We have reached the halfway point of the season and the relegation battle is tighter and more exciting than ever in 2022. The upward trajectory of Lotto Soudal and, to a lesser extent, Israel – Premier Tech is generating a lot of nervousness among other teams at risk such as EF Education-Easypost and BikeExchange-Jayco, who see themselves closer and closer to the relegation zone.
The Past Two Weeks
As you can see in the graph, Lotto Soudal is now nipping at the heels of BikeExchange and Education First, who are hovering just above the relegation zone. Back in mid-March this year, the gap was around 1200 points between Lotto and BikeExchange, with it now being a meagre 220 points (a margin easily closed by one rider in a .Pro race). Lotto has also added hundreds of points more than Movistar and Cofidis, leaving five teams in a range of less than 900 points with four months to go in a UCI calendar replete with bountiful races. After Bardet’s abandonment in the Giro and the lack of scoring in the home ZLM Tour, DSM is treading water whilst the other team’s below them continue to score.
The current scenario is ideal for a very exciting fight in the months of late August, September and October, when there is a high concentration of races. Unfortunately for Lotto-Soudal, the Benelux Tour, which coincided with La Vuelta and the Tour of Britain, has been cancelled this season. This is good news for teams like Movistar and BikeExchange, who have a paucity of top level riders who can score points, so overlapping races presents them with difficulties. We reiterate our comments in earlier articles, that more important than rider talent itself in the hunt for points is the participation in the races that provide the best opportunity for points – something that Lotto-Soudal adopted from the beginning of this year and certain other teams are only taking note of now.
Lotto Soudal has been the protagonist team of the last two weeks, thanks to the two victories of the impressive El Toro Arnaud de Lie in 1-day races in Belgium. However, the Belgian team is managing to score with quite a few riders at the same time. Climber Steff Cras scored 90 points between his 5th place in the Mercan’Tour Classic and 14th in the Dauphiné, while Andreas Kron scored 80 points with his podium finishes in the GP Aargau and the first stage of the Tour de Suisse. Even Caleb Ewan rode last Sunday’s minor race Elfstedenronde Brugge, scoring 85 points for his 2nd place, almost twice as many points as in his Giro participation.
Israel has been able to put its bad feelings from the Giro d’Italia behind it, especially with the double of Fuglsang and Woods in the Mercan’Tour Classic. But the rider who has contributed the most to the team in the last two weeks has been Nizzolo, scoring 165 points in the four Belgian classics in which he has participated, with an outstanding 2nd place in the Heistse Pijl. The Italian sprinter has not been able to shine in the WorldTour this season after an ill-timed crash in Milano-Sanremo, but he could still be very useful for Israel by basing his calendar on smaller one-day races. That is also the strategy of the team with Sep Vanmarcke, who has deleted the Tour de France from his calendar to ride more one-day races in Belgium, Wielerflits reports.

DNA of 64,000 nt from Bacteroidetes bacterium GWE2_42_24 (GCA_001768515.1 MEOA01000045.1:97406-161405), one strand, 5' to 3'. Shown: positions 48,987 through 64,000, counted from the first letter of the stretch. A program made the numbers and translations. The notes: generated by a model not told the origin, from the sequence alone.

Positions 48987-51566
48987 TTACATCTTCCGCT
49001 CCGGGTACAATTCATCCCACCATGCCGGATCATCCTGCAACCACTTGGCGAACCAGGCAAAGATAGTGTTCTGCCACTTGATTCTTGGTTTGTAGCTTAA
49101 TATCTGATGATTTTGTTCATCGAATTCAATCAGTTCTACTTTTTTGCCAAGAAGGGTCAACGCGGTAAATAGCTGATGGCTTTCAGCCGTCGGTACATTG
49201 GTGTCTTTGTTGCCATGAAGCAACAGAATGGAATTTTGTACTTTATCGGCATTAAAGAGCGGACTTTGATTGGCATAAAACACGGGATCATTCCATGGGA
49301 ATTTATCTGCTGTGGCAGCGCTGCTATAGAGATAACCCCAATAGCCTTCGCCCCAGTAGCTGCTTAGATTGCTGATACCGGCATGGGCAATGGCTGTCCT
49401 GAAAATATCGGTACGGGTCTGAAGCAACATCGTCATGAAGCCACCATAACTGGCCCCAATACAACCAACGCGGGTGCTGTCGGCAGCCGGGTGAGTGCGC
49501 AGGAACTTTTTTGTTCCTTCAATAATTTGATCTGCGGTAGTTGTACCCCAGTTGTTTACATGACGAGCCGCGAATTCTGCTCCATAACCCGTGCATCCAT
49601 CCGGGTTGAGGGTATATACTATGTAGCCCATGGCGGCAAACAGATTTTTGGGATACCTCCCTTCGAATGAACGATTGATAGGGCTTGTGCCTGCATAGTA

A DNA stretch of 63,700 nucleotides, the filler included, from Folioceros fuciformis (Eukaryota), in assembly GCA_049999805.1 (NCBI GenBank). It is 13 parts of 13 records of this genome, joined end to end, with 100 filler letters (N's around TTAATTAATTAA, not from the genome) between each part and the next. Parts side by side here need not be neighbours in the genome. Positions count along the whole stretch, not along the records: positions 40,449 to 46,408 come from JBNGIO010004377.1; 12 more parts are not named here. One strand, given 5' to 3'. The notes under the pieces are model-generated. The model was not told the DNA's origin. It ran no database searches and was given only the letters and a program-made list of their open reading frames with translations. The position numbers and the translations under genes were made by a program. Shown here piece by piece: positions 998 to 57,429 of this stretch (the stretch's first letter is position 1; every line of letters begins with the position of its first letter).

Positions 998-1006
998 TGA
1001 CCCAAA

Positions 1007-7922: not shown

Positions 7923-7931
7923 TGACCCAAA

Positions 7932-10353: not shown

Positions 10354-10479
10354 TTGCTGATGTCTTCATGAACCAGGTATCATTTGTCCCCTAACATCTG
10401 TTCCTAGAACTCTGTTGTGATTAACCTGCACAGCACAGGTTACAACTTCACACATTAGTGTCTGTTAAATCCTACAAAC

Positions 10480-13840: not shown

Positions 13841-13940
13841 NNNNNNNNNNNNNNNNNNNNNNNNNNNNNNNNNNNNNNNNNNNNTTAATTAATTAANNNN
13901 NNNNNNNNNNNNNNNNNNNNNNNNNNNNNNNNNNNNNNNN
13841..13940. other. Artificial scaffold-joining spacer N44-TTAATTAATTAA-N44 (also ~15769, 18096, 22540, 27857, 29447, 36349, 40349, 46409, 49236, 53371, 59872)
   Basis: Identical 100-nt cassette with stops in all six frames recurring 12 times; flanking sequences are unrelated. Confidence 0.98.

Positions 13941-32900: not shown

Cofidis has overtaken Movistar in the last fortnight, although its margin with the relegation zone has diminished. As usual, the team has continued to exploit the continental calendar, with Consonni’s 2nd place in the Ronde van Limburg and Jesús Herrada’s 4th place in the Mercan’Tour Classic being the best results. The man who is scoring points most consistently is Belgian Piet Allegaert, who has already taken part in 24 one-day races so far this season. Although he has only been on the podium once, he has accumulated 478 UCI points, more than any DSM or EF rider.
For its part, Movistar has again lamented a fall of Enric Mas in Dauphiné, where he should have finished in the top five of the general classification. Between his crashes in Tirreno, Itzulia and Dauphiné, Movistar have missed out on around 600 UCI points, which would have given them a lot of peace of mind in the relegation battle. Verona’s stage win in the Dauphiné lifted the team’s spirits, but their situation is becoming increasingly dangerous and nervousness is evident in the team. Speaking to Cycling News, general manager Eusebio Unzué described the UCI points system as “madness” and “unfair” as well as Carlos Verona deriding the points system as a “disgrace” on Facebook after his victory .
Like Movistar, DSM is seeing their gap to the relegation zone shrink rapidly. They have only scored 18 points in the last fortnight, missing a very good opportunity in the ZLM Tour, where there were only 3 WorldTeams. Two specialists like Degenkolb and Welsford failed to make it into the first echelon on the key day of the race and left virtually empty-handed. Despite being a Dutch team, they hardly run any minor races in neighbouring Belgium, but they will probably have to extend their calendar at the end of the season if they do not want to struggle in the relegation battle.
However, the two teams in the most dangerous situation remain EF and BikeExchange. EF has overtaken BikeExchange thanks to the 250 points from the double top 10 in the Dauphiné general classification of Chaves and Guerreiro, but Vaughters’ team has not participated in any race on the continental circuit in the last fortnight. On the other hand, BikeExchange continues to suffer from a lack of depth in the team, almost incapable of scoring points without Yates, Matthews or Groenewegen. Moreover, Groenewegen would have been much more useful in the Belgian classics than in a Dauphiné without flat stages, where he could not compete in any sprint for the victory.
As every fortnight, we share this interactive graphic where you can see which 10 riders contribute points for each team at risk. By clicking on the name of the team, a graph opens with the points of each rider of that particular team. As you can see below, 20 year old neo-pro De Lie, is the highest points scorer of any rider on the teams at risk.
In the fight for the 2023 WorldTour invitations, decided by the 2022 annual ranking, Lotto Soudal and TotalEnergies remain in the two privileged positions that give access to the wildcards for the entire 2023 WorldTour calendar.
Despite TotalEnergies’ two stage victories in the Dauphiné, Israel has managed to cut the margin by almost 300 points in the last two weeks. The French team will have to maintain its high level until the end of the season to secure the 2023 wildcards, as Israel seem to have changed course to focus much more on accumulating points as compared to earlier in the season. The contribution of Peter Sagan, their star signing, would be very useful for them as well.